Favorite studio?Madhouse, has been so for a decade and with Death Parade and Parasyte it's not about to change, there was a bit of a struggle at some point but I've enjoyed the vast majority of the output the past couple years.I'm happy they survived the Masao Maruyama departure.

    Speaking of Masao Maruyama, watching MAPPA's output has been like watching that top prospect that's supposed to become a HOF just be good instead of crazy good, can't say their shows are bad, especialy in terms of production but there's no home run there.

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  2. In my view "leadership" in the anime industry is about setting industry trends, not just commercial success. Granted the two often come hand in hand due to studios attempting to imitate the success of other studios, but that's not necessarily the case.

    Love Live may have been a commercial success, but to me it's Sunrise following industry trends rather than setting them. I'm probably biased since I'm such a huge Mai-HiME fan, but I see HiME/Otome along with Code Geass as major Sunrise trend setters. They've even more spent than Geass at this point, but I think they had an impact on the industry.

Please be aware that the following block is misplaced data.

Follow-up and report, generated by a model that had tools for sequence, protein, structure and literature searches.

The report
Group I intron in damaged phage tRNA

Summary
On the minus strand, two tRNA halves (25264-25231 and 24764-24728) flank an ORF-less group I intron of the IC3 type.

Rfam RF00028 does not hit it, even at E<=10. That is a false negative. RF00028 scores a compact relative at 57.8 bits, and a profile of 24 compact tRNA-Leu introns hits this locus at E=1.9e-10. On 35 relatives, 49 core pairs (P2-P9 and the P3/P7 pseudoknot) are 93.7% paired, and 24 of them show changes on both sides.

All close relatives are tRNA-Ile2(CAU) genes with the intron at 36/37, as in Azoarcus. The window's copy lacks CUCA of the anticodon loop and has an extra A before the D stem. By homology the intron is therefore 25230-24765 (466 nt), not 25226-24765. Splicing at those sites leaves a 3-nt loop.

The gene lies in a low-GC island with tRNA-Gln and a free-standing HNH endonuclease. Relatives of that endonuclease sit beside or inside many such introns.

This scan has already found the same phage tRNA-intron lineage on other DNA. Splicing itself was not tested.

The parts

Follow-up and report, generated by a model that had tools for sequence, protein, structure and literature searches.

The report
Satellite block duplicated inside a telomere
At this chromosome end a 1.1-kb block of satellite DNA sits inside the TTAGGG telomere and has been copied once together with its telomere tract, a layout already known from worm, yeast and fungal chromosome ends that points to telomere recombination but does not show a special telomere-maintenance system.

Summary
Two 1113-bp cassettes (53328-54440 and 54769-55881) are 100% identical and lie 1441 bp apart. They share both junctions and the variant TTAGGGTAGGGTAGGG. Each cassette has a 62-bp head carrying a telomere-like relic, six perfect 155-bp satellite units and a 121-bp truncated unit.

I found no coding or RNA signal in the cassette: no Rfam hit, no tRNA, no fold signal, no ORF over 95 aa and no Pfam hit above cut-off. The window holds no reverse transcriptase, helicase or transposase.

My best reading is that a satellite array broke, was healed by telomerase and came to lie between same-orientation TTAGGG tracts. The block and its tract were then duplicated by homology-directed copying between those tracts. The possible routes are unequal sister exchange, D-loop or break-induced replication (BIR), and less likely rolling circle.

While I really like PA Works, I don't really see them as a strong contender for a studio everyone is going to be scrambling to imitate. They've got a good niche, but it's not the kind of thing I think is going to start dominating overall industry trends any time soon.

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  3. @totoum - "Gyo and Majokko shimai no Yoyo to Nene showed they had a long way to go ( If you go "what" I'll tell you "exactly!")"

    Ha ha! Very good point. I indeed haven't heard of them before you mentioned them.

    Trigger is an interesting studio in that it's intentionally targeting the western anime audience (or at least keeping that audience in mind). Thankfully, it's had some significant commercial success as well, such as with Kill La Kill. It's a studio I intend to keep my eye on, and it's good you brought it up.

    Madhouse has an amazingly large and varied resume of work. It's good you brought it up.


    @Darthtabby - Very good point on the importance of setting industry trends. Like you wrote, that tends to come hand in hand with commercial success, so I decided to not delve into it much, thinking that readers would likely keep the correlation in mind themselves.